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Phimosis is when the foreskin of an uncircumcised male becomes tight around the tip of the penis. The foreskin is so tight that it cannot be pulled back. Phimosis is most common in boys 4 years old or younger. The tip of the penis may be red, swollen, tender, or painful. Your child may not be able to urinate.



  • Antibiotics may be given to treat an infection caused by bacteria.
  • Steroid cream may help decrease swelling and discomfort.
  • Give your child's medicine as directed. Call your child's healthcare provider if you think the medicine is not working as expected. Tell him if your child is allergic to any medicine. Keep a current list of the medicines, vitamins, and herbs your child takes. Include the amounts, and when, how, and why they are taken. Bring the list or the medicines in their containers to follow-up visits. Carry your child's medicine list with you in case of an emergency.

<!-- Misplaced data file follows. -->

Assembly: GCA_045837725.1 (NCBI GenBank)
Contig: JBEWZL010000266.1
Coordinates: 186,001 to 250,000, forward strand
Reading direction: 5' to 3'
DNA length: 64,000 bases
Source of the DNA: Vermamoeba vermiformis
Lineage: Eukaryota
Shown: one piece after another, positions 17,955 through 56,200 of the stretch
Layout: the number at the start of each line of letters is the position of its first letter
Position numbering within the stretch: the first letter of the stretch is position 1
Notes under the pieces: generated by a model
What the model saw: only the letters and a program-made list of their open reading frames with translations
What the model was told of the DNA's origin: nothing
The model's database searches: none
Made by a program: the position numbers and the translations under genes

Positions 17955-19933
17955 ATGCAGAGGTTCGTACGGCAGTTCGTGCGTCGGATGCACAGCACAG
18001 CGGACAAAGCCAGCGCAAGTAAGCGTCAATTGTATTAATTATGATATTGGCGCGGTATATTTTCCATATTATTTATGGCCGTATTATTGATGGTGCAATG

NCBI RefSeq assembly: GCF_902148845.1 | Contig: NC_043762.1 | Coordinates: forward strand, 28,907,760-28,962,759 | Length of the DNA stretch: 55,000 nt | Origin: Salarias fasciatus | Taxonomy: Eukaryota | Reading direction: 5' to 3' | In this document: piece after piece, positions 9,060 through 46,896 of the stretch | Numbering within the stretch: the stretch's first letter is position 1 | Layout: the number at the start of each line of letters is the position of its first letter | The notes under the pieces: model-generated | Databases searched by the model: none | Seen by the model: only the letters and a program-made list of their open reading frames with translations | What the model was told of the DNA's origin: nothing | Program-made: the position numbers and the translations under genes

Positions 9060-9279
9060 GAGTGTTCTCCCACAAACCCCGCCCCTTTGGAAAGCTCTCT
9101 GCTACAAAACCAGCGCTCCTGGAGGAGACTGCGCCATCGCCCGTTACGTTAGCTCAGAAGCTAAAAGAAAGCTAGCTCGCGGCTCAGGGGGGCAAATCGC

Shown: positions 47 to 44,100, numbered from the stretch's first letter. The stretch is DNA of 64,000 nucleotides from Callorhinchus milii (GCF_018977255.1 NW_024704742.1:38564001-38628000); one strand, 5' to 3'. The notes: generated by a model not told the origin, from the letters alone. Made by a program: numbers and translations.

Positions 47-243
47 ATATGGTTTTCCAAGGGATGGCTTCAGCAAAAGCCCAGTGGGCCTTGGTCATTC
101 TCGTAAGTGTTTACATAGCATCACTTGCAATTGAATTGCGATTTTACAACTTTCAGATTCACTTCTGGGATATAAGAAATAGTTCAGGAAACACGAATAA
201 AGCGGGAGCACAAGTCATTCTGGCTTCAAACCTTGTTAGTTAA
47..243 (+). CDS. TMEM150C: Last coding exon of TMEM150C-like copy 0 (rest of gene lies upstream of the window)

Follow up with your child's healthcare provider as directed:

Write down your questions so you remember to ask them during your visits.

Contact your child's healthcare provider if:

  • You see redness, swelling, or blisters on your child's penis.
  • You see drainage from your child's foreskin.
  • Your child has pain when he urinates.
  • You have questions or concerns about your child's condition or care.

Return to the emergency department if:

  • Your child cannot urinate.

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The above information is an educational aid only. It is not intended as medical advice for individual conditions or treatments. Talk to your doctor, nurse or pharmacist before following any medical regimen to see if it is safe and effective for you.